When you perform a restore of a database to a SQL Server Instance where the database doesn’t exist, the owner of the database is changed to the user that is executing the restore. Actually, this also the case for attaching a database. The ownership can give the login extra permissions which in some cases you don’t want. A good rule of thumb is to choose “sa” as the database owner. This can be easily done by executing the following query after the restore is done.
ALTER AUTHORIZATION ON DATABASE::<YourDatabaseName> to sa;
Just keep in mind, when you change the owner of the database that the user that owned the database might have less or no permission anymore on the database.
Unfortunately, if you restore a database as read-only or if you leave it into restoring mode for AlwaysOn Availability Group configuration, you cannot change database owner anymore.
Even if you setup an AlwaysOn Avaliability Group with the wizard of the SQL Server management studio, the owner of the database on the secondary replica will be the user that is executing the wizard. Quite obvious because in the background the wizard is performing the restore J.
Your database must be in a read/write mode before you can change the database owner.
If the database is read-only, it can briefly be set to Read/Write for the modification, and then set back. That shouldn’t be an issue.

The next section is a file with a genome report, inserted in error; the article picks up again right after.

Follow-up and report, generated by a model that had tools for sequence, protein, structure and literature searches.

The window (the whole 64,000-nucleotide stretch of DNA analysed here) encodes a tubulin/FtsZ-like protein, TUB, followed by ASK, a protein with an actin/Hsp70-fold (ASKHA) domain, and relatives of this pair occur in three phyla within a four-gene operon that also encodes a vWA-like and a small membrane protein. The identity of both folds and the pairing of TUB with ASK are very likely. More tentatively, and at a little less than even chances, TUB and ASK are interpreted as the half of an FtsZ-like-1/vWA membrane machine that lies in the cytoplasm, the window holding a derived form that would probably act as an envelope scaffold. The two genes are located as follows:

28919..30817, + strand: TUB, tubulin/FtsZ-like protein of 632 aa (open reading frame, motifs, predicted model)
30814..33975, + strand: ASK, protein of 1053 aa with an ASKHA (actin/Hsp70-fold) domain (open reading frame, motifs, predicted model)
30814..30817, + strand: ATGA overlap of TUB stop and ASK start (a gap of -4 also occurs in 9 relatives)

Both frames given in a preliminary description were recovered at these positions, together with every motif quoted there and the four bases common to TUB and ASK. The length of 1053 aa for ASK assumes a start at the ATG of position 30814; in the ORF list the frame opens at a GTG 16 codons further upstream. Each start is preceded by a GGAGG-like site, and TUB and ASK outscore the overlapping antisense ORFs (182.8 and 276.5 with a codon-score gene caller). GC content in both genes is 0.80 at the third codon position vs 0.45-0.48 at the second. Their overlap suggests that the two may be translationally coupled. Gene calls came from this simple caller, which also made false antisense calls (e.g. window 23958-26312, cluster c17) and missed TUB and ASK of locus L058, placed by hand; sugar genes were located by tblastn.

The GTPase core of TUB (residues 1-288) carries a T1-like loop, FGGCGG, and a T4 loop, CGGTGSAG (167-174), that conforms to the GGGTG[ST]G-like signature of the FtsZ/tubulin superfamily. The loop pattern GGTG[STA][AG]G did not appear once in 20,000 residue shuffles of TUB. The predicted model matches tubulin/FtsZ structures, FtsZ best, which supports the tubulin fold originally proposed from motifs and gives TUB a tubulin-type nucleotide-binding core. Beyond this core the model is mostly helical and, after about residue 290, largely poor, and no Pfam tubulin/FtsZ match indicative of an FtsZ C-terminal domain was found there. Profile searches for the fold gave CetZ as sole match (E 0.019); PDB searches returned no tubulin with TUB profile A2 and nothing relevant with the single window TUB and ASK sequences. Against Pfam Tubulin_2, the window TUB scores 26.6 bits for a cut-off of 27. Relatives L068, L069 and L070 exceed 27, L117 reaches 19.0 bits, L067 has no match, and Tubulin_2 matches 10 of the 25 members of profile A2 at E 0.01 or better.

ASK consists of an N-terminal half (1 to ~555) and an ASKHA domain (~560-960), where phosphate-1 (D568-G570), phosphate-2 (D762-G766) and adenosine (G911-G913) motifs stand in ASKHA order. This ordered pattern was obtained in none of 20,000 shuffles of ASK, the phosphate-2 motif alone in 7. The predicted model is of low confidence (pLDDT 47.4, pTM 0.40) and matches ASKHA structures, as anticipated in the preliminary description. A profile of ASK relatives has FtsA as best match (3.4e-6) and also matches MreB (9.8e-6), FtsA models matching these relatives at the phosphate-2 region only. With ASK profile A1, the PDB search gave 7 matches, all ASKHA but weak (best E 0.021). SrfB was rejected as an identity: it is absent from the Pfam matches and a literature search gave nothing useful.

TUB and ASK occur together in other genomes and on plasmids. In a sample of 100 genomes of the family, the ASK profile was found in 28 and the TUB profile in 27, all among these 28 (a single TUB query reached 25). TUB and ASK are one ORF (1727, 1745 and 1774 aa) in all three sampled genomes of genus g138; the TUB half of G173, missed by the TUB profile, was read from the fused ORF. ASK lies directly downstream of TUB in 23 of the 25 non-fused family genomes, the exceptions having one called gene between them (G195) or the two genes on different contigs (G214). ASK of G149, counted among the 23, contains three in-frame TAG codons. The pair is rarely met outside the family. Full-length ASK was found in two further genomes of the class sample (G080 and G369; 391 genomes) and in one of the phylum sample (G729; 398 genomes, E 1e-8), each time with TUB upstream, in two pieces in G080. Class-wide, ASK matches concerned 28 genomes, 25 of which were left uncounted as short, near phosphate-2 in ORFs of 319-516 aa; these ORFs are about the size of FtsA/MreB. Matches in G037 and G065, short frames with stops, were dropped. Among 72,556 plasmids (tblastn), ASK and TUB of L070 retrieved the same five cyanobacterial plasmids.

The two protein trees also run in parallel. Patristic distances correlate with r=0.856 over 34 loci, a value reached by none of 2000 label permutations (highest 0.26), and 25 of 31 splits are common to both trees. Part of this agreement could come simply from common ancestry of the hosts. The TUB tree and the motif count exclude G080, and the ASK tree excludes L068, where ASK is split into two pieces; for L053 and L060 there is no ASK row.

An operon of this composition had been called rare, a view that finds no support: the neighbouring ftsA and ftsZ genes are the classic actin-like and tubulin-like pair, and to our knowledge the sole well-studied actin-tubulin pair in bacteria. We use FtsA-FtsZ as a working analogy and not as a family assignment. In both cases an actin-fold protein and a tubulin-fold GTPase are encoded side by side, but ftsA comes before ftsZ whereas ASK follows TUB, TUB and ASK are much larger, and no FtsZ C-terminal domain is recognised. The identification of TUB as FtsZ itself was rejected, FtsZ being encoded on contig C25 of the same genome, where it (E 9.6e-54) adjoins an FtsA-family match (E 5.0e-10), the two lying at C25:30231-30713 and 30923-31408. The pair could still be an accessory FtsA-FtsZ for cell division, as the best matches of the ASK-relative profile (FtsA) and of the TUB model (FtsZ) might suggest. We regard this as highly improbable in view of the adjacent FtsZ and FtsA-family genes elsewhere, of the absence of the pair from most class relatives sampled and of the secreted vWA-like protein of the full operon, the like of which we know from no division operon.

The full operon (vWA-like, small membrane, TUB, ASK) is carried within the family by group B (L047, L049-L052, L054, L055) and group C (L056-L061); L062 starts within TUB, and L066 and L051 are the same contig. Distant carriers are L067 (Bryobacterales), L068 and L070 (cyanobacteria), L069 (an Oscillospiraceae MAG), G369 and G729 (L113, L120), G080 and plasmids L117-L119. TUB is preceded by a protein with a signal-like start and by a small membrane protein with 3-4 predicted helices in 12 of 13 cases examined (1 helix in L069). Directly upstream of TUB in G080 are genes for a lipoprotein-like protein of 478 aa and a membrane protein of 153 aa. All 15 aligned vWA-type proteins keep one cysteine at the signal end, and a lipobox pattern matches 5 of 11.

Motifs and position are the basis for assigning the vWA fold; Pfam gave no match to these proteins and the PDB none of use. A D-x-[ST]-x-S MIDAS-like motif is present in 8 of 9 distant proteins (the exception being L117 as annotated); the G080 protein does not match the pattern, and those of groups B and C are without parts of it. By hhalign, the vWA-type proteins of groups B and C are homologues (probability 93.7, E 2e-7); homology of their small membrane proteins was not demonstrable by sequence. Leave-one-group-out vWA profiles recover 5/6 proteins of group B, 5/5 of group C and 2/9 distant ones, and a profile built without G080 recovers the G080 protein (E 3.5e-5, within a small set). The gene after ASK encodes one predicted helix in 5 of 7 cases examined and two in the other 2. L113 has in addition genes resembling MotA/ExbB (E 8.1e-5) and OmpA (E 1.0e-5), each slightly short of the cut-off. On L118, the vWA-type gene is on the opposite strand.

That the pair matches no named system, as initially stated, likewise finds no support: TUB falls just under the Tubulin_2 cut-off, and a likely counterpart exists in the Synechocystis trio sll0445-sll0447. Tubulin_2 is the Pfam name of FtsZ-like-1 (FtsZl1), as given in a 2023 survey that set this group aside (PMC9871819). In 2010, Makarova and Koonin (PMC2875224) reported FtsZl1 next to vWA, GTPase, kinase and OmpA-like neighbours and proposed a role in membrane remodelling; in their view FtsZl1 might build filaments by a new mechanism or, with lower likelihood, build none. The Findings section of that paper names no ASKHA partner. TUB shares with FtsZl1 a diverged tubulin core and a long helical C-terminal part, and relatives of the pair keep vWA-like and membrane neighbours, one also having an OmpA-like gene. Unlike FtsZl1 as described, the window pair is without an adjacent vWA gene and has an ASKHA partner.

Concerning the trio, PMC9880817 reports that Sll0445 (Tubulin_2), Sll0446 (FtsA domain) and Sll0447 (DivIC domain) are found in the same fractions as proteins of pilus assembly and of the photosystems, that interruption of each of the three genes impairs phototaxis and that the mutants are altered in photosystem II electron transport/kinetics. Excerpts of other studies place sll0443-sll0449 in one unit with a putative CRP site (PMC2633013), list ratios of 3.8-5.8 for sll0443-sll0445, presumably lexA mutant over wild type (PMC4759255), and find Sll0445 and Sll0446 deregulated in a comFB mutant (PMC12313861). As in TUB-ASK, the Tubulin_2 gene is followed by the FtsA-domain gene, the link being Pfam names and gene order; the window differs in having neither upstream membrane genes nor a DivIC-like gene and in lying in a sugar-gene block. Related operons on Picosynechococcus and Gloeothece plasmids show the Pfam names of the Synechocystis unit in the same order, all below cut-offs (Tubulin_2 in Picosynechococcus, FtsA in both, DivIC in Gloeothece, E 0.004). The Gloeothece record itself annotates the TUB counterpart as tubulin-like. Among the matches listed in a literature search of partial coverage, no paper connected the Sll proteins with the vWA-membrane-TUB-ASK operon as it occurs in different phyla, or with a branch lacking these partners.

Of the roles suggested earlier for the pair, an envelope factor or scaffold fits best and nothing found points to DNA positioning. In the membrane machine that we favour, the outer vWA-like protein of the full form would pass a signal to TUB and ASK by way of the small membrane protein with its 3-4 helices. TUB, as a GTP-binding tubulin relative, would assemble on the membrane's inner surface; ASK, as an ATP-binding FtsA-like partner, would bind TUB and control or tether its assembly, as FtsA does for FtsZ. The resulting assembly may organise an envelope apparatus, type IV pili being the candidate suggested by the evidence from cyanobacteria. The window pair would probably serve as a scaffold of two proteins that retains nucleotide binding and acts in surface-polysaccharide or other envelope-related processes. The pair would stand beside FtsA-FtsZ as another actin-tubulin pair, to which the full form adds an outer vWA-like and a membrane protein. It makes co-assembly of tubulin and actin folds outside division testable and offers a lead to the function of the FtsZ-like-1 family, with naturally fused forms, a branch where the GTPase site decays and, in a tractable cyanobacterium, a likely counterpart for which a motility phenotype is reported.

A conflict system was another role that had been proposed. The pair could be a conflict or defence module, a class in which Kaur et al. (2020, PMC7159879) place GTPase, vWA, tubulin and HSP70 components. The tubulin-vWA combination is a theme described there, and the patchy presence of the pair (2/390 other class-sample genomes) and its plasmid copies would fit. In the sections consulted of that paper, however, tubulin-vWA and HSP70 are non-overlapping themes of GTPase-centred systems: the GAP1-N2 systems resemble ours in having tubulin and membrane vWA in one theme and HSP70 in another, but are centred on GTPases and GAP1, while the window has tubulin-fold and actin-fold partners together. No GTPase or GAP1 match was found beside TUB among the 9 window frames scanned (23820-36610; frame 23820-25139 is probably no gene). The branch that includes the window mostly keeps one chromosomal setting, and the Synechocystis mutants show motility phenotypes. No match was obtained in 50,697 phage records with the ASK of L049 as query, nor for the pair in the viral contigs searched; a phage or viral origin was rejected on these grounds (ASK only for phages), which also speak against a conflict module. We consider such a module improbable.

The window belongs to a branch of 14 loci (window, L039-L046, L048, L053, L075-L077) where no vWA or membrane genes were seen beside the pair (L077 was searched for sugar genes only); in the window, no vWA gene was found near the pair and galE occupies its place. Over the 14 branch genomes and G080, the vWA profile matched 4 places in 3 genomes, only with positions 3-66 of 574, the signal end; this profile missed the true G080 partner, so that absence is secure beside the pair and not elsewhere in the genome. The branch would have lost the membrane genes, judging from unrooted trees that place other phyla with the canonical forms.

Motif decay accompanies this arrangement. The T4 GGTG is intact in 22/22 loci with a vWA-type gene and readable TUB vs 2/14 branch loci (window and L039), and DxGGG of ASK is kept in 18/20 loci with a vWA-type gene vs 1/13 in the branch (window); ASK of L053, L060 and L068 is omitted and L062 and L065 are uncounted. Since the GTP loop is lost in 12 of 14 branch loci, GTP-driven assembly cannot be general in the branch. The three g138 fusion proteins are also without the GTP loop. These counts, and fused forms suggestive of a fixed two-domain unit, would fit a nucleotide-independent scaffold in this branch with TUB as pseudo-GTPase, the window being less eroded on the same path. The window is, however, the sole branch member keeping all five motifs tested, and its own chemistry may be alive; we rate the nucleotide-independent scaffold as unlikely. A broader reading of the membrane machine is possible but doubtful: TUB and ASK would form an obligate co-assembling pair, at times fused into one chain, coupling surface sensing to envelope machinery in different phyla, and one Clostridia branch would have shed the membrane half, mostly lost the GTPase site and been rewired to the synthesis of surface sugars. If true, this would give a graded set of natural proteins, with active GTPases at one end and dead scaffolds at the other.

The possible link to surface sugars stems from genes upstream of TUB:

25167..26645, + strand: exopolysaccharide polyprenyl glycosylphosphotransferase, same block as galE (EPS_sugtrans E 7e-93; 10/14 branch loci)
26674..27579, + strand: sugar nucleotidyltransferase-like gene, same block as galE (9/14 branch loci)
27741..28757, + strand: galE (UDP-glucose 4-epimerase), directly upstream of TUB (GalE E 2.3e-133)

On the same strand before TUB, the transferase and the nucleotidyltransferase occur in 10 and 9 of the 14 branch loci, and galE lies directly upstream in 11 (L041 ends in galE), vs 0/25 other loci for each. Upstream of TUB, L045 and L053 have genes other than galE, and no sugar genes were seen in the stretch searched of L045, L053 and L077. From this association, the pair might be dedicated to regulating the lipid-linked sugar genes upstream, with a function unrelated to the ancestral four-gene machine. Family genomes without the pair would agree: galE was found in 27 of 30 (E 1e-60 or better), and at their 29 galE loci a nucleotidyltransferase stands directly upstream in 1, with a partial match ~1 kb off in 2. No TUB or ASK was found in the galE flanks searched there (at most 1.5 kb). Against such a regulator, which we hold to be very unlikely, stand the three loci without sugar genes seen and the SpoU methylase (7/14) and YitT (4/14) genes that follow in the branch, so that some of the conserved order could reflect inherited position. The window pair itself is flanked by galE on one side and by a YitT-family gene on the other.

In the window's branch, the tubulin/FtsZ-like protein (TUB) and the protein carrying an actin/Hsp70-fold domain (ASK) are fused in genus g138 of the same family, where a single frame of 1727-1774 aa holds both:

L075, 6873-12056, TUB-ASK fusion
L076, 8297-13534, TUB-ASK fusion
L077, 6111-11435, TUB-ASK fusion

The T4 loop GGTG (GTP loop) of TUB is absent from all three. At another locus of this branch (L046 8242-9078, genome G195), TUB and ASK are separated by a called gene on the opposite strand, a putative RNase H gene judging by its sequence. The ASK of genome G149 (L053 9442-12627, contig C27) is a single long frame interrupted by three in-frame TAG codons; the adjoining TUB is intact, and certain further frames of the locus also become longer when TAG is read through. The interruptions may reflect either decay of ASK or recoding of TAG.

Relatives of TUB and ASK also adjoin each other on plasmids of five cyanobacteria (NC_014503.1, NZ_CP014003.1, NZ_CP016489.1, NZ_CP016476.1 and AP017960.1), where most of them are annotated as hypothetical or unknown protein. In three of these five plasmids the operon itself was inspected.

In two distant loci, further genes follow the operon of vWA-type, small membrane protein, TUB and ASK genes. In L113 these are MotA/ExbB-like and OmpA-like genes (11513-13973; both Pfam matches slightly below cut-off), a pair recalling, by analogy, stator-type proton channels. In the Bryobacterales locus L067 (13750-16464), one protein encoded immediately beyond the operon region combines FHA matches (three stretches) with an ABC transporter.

In case of AlwaysOn Availability Groups, you will have to perform a failover to the secondary replica, change the database owner and failback to the original primary replica.
But, I can imagine that there will be situations where a failover will not be possible, like for example asynchronous commit mode or just the business that doesn’t want downtime.
A possible workaround could be to manually prepare the secondary database for the availability group but perform the restore as the user sa. The following script can be used
EXECUTE AS login='sa' RESTORE DATABASE [YourDatabaseName] FROM DISK = '<YourBackupPath>' REVERT GO
More information on Manually Prepare a Secondary Database for an Availability Group can be found here
It’s a simple script but it does change the owner of the database to sa and you don’t have to worry about a failover to set the correct database owner.